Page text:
By Mona Shah, ESQ. & Hermione Krumm, ESQ.
Just revealed… the “last, best and final offer” for the EB-5 program from the judiciary leadership of the House and Senate. During the past few weeks, the EB-5 industry stakeholders representing urban and rural interests have been busy meeting with Chairman Grassley and Chairman Goodlatte, behind closed doors whereupon the “last, best and final offer” was formed. Senator Leahy and Senator Cornyn also reportedly contributed to the “final” deal.
The latest proposal cites the minimum investment amount for rural (R)/urban distressed (UD) areas as $925,000, whereas it would be $1.025 million for non-set-asides. There would be an additional fee of $25,000 to be split evenly between the investor and regional center or $50,000 to be paid by the regional center entirely. Thankfully the increase of the investment amount is not retroactive.
As expected, the proposed offer differentiates set-aside visas allocated to rural (R)/urban distressed (UD) areas from non- set-aside visas. There would be 3,000 set-aside visas, to be equally divided between rural and urban distressed areas. There would be no set-asides for luxury rural areas (although what constitutes as “luxury rural” is yet to be defined), and unused visas would only be available in set-aside category. Non- set-aside visas would have an annual cap of 7,000.
One notable modification from the current program is the lowered job creation requirement. The proposed deal reduces the number of jobs required to be created for R/UD areas to 5 indirect jobs, while keeping the 10 jobs for non-set-asides by requiring 1 to be direct and 9 to be indirect.
The proposed bill would not immediately go into effect, as 4 months of moratorium would be given to the USCIS for adjustment. After the end of the moratorium, all areas would raise the minimum investment amount to $925,000, 8 months after which, non-set-asides would be raised to $1.025 million.
Backlog relief: The proposal does not appear to give very much relief to the ever-growing backlogs as the only portion dedicated to backlog relief is that for 1 year starting from the date of enactment, any unused visas in the set-aside category may be used by old petitions that meet the new definitions of R/UD. The original intention of Congress was that the 10,000 EB-5 Immigrant Investor visas was for 10,000 investors. The inclusion of dependents in this number has capped the amount of capital that can be infused into the US.
A regional center’s internal email indicates that Grassley has issued an ultimatum that if the industry rejects this proposal, there will be no reform bill and the regulations will be allowed to take effect. If the industry, acting through Senator Cornyn, accepts this offer, Grassley will move forward to draft an actual bill. It is hoped that if the Industry give their consent to this proposal, the judiciary leadership will assent to correcting the visa issue, which will allow for billions of dollars to permeate into US businesses, creating thousands of jobs.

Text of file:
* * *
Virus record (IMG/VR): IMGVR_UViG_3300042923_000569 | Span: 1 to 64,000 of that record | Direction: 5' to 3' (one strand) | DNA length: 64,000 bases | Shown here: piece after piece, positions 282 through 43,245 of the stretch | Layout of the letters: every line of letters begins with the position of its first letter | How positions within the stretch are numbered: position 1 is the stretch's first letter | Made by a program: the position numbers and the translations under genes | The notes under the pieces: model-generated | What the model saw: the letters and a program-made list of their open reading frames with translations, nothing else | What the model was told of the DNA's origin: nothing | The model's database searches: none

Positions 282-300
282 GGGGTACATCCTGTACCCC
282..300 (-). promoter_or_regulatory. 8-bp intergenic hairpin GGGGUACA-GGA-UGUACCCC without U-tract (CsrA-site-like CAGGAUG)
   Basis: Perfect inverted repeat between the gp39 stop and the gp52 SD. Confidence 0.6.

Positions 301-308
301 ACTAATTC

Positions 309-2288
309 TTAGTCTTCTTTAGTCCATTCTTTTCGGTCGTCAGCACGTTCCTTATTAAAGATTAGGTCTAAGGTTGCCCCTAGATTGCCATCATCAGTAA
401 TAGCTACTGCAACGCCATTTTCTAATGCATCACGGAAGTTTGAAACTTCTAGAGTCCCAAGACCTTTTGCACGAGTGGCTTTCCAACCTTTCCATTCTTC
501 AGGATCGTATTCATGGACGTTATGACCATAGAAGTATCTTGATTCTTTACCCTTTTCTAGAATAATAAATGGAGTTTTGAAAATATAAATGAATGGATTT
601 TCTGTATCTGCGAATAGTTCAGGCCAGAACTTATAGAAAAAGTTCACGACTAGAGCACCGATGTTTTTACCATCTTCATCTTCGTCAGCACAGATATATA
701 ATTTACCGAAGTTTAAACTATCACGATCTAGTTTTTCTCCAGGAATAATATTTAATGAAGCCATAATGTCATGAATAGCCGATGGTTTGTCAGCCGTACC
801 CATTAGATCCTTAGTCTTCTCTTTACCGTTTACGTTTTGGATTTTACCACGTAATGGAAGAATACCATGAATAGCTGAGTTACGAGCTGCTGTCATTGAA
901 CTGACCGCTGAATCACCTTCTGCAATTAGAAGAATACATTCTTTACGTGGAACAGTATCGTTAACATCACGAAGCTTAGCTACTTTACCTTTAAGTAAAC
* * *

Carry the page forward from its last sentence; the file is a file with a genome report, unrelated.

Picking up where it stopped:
While it might be hard to predict how the industry may react to this proposal, it is undeniable that the industry is tired of extensions. The lack of visas and uncertainty have caused a stagnation. The upcoming months are going to be extremely busy for Congress and the industry. MSA Global will continue to update our audience on regulation changes within the EB-5 industry. Stay-in tune to our website and podcasts for more information once it becomes available.
About the Author:
Mona Shah, ESQ.
UK born, Mona, a dual licensed attorney, was formerly a Government Prosecutor with the British Crown Prosecution Service. Mona has extensive knowledge of all facets of U.S. immigration law; her expertise ranges from specialist business law to complicated, multi-issue federal deportation litigation before the US Courts of Appeal. Recognized as an industry leader in EB-5, Mona has received many accolades for her work, including voted top 25 EB-5 attorneys in the US 3 years in a row; Top Lawyer by Who’s Who International, ‘Top Attorney of North America’
Mona, an adjunct professor at Baruch College, CUNY University, has authored numerous articles, a published book for investors, co-edited EB-5 Gateway (BLS) and is a recommended author with Lexis Practice Advisor. Mona is regularly invited to speak worldwide, has been interviewed by mainstream news channels, including Fox Business News, Al Jazeera and quoted in major newspapers, including the New York Times.
Hermione Krumm, Esq.
Hermione Krumm, Esq. is an associate attorney with Mona Shah & Associates. Hermione works with EB-5, corporate, merger and acquisition (M&A), intellectual property and foreign direct investment (FDI) matters involving China, the UK and the US. Hermione received her LL.B. (Hons) from the University of Manchester School of Law (UK), and obtained her LL.M. from Cornell Law School. Hermione speaks fluent English, Mandarin and Cantonese.
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